After engaging with Robert Kendall's poem Faith, I have looked beyond the surface and found literary meaning within the work.
To get a general overview of the content of the poem, take a look at my previous blog entry. It describes, in detail, the visual, audio, and textual aspects of the poem itself.
I have noticed through Kendall's use of color, sounds, and his creative writing ability, he has put together a literary hypertext that will in fact fall into the Aristotelian Concept of Plot. The poem has a beginning, a middle, and an end, thus creating not so much a plot, but a completely full work, one that flows in the natural order from start to finish. It begins with a thought, a single word, and ends with a fresh new idea. In fact, it ends with a "summary" more literally than you might think. Kendall's last slide reads, "just to sum up: Faith."
Because "Faith" has:
- a fixed sequence
- a definite beginning and ending
- a story's "certain definite magnitude" and
- the concetion of unity or wholeness
it lines up with Aristotle's view
, while much other hypertext does not. The University of the Yellow Wallpaper
and The Heist
both have links that take you off path. The reader can get lost, view the story out-of-order, or not even read the entire story depending on which links he/she choose to follow. This provides problems for the reader. Yet, "Faith" has one link at the ending of each animation which makes it linear and easier for the reader to follow the natural progression.
Looking closer into the text, I found that "Faith" indeed is a progression. A progression of life. It starts with the words logic falling and settles with "logic can't bend this." At the bottom of the page is where Kendall puts a link to the next movement with carefully chosen phrase such as, "So... (link)." This shows the progression that there is always more to discover and learn. There is never an ending. Kendall creatively gets this point across with the general set-up of the poem.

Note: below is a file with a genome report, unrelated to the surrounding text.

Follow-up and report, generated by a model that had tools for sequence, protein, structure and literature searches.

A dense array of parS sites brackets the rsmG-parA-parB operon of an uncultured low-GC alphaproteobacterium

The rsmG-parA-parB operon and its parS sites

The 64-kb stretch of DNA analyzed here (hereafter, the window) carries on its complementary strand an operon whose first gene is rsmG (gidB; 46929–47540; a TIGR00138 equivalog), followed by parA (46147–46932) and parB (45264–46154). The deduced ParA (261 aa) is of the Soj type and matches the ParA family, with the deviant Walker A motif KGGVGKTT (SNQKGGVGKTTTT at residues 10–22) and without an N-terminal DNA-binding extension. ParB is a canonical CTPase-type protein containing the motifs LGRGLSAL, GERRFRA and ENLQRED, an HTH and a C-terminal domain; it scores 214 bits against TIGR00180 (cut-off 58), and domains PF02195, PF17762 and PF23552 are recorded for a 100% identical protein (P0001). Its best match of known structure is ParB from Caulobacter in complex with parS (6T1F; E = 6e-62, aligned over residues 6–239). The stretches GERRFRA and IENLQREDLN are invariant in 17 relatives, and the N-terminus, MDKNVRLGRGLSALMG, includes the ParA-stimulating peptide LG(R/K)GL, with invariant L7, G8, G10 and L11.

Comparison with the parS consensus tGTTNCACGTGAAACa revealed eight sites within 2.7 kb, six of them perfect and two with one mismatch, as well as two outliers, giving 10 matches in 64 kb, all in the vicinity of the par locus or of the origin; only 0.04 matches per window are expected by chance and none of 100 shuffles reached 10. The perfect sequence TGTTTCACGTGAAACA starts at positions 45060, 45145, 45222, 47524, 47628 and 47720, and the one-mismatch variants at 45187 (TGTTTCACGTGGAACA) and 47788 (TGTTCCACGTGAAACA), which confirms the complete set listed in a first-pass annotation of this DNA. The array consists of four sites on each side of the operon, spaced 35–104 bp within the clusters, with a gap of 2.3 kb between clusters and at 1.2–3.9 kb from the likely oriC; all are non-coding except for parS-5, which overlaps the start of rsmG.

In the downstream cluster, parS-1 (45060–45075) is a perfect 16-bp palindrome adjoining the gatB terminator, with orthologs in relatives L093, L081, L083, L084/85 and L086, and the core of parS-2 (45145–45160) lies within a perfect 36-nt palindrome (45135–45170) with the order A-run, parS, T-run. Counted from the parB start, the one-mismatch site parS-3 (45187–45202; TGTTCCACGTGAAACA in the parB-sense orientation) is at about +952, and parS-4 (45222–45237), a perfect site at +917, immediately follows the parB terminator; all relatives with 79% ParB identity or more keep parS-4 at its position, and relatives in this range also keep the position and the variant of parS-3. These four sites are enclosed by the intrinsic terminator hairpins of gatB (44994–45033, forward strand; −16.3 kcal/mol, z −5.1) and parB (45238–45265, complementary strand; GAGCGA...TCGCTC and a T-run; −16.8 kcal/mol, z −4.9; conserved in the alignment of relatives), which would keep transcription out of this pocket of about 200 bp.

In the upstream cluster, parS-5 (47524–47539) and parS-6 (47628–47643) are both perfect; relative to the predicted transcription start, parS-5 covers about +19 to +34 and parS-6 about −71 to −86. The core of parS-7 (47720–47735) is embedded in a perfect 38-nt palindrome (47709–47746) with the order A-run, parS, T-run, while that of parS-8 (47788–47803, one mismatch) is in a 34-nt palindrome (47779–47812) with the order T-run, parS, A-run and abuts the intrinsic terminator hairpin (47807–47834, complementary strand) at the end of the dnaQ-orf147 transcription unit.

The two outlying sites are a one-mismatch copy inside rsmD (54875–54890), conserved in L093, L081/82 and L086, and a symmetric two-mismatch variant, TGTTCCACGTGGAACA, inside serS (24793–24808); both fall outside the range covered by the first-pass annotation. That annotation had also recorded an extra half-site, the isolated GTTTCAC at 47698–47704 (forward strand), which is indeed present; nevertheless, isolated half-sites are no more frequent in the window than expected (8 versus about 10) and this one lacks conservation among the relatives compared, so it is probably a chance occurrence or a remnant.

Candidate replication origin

Another reason I feel the poem is a progression of life is how Kendall incorporates the audio aspect. As I said in my earlier blog, each movement includes a new instrument. The first movement is a high-pitched bell (perhaps signifying youth, or a child) which gives the reader the thought of new life, or a beginning. The sound is small and delicate much like a baby. The next movement is accompanied by a harp. A harp's pitch is a little lower giving the subconscious reader an adolscent-type tone. Still young, but older than the bell. The third movement is the synthetic instrument. As I said another time, it sounds like "beams" if you can imagine that. And the sounds are slow and individual. This may signifiy young adulthood. The tone is "older." The fourth movement begins to combine instruments. It starts with the synthetic "beam," both high-pitched and low, and combines the harp with it coinciding with the movement of the words. The sound gives the reader an "epiphany"-type feeling. Like Kendall is saying that it's all coming together. This is where the entire content of the poem is on the screen at the same time so, in a sense, it is a fullfillment, which is what the audio makes it sound like. In the final movement, all the words fall away and all that's left is the phrase I mentioned earlier, "just to sum up: Faith." This movement goes back to using the bells. As the words fall away, the bells make a wind-chime sound until one final bell is heard when the word Faith falls into place. This brings the poem full circle, back to new life. The music progressed with the stages of life, not so much the physical stages, but the psychological stages. From youth and inexperience to adulthood and wisdom, only to find that in the end, the answer to logic's questions are so simple a child could do it: Faith.